Illinois' Republican Governor George Ryan recently suspended all executions in the state citing a number of errors committed by the state's judicial system. He called for the moratorium saying, "I have grave concerns about our state's shameful record of convicting innocent people and putting them on death row." Death penalty opponents point to this as a victory and vindication of their claims that innocent people die at the hands of a blood-thirsty state in its quest for justice. But note Ryan's sentence carefully: "putting them on death row." He did not say that any innocent person was killed.
Despite the relentless efforts of anti-capital punishment crusaders, there is not a scintilla of evidence that an innocent person has ever been killed by the state. At a recent conference called Wrongful Convictions and the Death Penalty, 28 of the known 73 Americans ultimately released from death row were paraded at Northwestern University in Chicago. But such cases illustrate that the appeals system works as it is supposed to, not that the death penalty kills innocent people.
Ryan's actions may have spurred others to reconsider their unconditional support for the punishment. As many as a dozen states have either their legislatures or governors looking at such a move. Joe Lockhart, spokesperson for U.S. President Bill Clinton, said the president will study the possibility of suspending the death penalty at the federal level.
Emotional appeals such as this one - that innocents will die - is the latest attempt by those who oppose capital punishment to sway the public to their side. Before this they said capital punishment doesn't deter crime. For instance, Don Morgenson, a psychology professor at Wilfrid Laurier University, writes in the Kitchener-Waterloo Record, capital punishment supporters "have a moral obligation to bring forward convincing evidence that the use of the death penalty makes all of our streets safer places to play."
Capital punishment, supporters say, doesn't deter because the 12-year average delay between the commission of the crime and the execution is too long. If the system sometimes accidentally condemns innocent people, it is necessary to allow a full and lengthy appeals process.
That said, in one important way capital punishment does deter: Executed criminals cannot kill again. Even Amnesty International admits that 1% of paroled murderers are again convicted for murder. And according to the U.S. Justice Department, one in 12 of the more than 3,500 death-row inmates have a previous murder conviction; if those criminals had been executed, 297 lives could have been saved, and that's using the naive assumption that each murderer had only one victim.
But despite Morgenson's admonition that capital punishment supporters must show that it deters crime, deterrence is not, or at least should not, be the reason to support this ultimate punishment; justice is. Therefore, it is not wrongful convictions or deterrence that is the issue.
There are two concepts key to the notion of punishment and thus the death penalty debate: retribution and vengeance.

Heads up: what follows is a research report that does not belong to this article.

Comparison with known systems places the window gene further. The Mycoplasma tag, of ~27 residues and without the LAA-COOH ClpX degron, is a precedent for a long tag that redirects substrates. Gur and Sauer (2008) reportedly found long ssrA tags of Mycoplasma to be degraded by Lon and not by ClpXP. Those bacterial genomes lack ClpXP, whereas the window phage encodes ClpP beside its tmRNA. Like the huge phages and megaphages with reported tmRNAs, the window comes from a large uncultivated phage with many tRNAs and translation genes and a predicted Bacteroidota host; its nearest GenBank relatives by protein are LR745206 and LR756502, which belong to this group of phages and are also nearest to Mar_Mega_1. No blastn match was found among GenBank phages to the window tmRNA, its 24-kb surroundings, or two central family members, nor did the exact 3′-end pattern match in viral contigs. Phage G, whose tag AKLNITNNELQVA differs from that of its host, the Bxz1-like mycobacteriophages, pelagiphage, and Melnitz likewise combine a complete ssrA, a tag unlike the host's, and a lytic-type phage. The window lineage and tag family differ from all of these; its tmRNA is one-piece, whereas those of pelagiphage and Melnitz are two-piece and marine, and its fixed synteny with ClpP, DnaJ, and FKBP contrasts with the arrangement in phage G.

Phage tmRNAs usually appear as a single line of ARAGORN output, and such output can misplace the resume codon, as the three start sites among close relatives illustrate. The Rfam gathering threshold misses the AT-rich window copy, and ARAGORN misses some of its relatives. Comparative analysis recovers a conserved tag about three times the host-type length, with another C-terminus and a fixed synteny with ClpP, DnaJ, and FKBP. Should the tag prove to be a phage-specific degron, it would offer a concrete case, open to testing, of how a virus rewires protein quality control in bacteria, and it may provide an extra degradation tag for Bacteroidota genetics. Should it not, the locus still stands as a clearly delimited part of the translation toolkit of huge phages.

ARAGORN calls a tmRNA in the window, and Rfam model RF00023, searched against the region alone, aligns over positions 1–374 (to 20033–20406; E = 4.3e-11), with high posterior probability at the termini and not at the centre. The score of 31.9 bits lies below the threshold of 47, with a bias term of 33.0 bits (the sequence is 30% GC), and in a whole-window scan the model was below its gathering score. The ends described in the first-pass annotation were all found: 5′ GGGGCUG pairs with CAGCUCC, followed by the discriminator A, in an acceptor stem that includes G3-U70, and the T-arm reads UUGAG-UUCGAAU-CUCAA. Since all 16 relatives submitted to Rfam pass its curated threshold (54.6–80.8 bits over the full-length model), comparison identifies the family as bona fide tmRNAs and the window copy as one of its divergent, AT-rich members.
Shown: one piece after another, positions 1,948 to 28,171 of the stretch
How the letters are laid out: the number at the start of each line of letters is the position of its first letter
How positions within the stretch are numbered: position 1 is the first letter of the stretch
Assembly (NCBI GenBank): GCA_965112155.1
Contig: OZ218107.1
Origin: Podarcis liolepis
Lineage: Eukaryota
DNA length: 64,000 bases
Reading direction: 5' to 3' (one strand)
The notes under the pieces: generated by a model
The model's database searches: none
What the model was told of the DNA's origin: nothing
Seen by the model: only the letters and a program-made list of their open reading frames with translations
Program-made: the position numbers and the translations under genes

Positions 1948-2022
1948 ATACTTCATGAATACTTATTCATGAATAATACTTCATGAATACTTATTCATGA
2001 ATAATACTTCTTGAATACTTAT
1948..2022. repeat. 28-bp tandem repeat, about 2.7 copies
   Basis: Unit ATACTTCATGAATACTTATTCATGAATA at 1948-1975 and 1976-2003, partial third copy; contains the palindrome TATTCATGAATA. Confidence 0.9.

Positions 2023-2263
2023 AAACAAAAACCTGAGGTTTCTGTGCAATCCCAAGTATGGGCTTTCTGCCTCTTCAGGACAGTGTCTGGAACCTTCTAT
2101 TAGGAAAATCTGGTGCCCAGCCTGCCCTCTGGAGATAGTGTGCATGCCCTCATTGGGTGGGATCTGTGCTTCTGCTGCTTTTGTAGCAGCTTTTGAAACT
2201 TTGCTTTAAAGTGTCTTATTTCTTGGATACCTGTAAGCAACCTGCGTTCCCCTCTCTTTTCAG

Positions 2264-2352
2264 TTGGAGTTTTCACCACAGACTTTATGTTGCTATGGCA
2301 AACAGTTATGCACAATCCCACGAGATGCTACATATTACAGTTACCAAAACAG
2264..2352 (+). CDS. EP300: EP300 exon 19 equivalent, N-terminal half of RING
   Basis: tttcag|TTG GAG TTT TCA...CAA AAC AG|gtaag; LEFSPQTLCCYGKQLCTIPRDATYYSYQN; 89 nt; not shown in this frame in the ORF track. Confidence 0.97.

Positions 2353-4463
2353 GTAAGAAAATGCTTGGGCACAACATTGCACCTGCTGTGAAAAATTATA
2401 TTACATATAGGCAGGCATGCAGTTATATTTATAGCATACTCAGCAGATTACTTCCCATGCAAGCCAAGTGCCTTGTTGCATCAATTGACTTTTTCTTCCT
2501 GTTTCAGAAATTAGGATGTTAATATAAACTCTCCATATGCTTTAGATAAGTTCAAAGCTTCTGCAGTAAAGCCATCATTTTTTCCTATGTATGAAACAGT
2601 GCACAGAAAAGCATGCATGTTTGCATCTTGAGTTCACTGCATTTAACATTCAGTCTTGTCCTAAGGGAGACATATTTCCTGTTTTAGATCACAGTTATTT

Retribution is punishment for punishment's sake, the idea that wrong-doers should pay a penalty for their crime. Furthermore, the punishment should fit the crime. As the legal scholar Ernest van den Haag wrote in the Harvard Law Review Association, "The severity and finality of the death penalty is appropriate to the seriousness and finality of murder."
Essential to justice is the notion of proportionality. Punishment that is not proportionate is unjust. Retribution for the crime committed is the central concern of the penal system. Thus, this eliminates reformation, deterrence and many other side issues many pundits and academics want to discuss.
The 19th-century philosopher Immanuel Kant argued punishment is just only when the scales of justice are equal: "Retaliation ... is the only Principle which ... can definitely assign both the quality and the quantity of a just penalty." This is certainly true in the case of husband-killer Bettie Lou Beets, who is scheduled to be executed tomorrow in Texas. Her defenders argue she should be granted a reprieve and life-imprisonment instead, but this would hardly balance Kant's scales of justice.
The second purpose of punishment is vengeance, a word that surely worries many intelligent and well-meaning people. But the law can and should be expressive. Society has a right, even a duty, to express its outrage. In a word, it has a right to vengeance. To not condemn vicious crimes is not a sign of society's enlightenment but of its decadence. As Washington Post columnist George Will said in defending the use of capital punishment in the case of Ted Kaczynski, the Unabomber, punishment civilizes "the wholesome ... desire for vengeance against the vicious."
Vengeance is nothing more (but this is much) than the desire for retribution.
David Gelernter, a Yale professor maimed by the Unabomber, says in his book Drawing Life: Surviving the Unabomber, "we show our respect for the dead, and proclaim the value of human life, by taking the trouble to execute murderers." Gelernter recognizes the death penalty's symbolic importance (as vengeance) but admits the general public "barely comprehends" that symbolism. It fails to comprehend its symbolic importance, in part, because death penalty abolitionists have introduced these side issues of deterrence and wrongful convictions.
Society must have the right to express its outrage and provide a punishment that fits the crime. In fact, nothing short of taking the life of the most brutal criminals could satisfy these two components of punishment. That's why George Ryan has merely suspended the use of capital punishment and why the federal and other state governments should not end its use. Society can, as Ryan has, still accept its validity even as it examines any concerns about its implementation.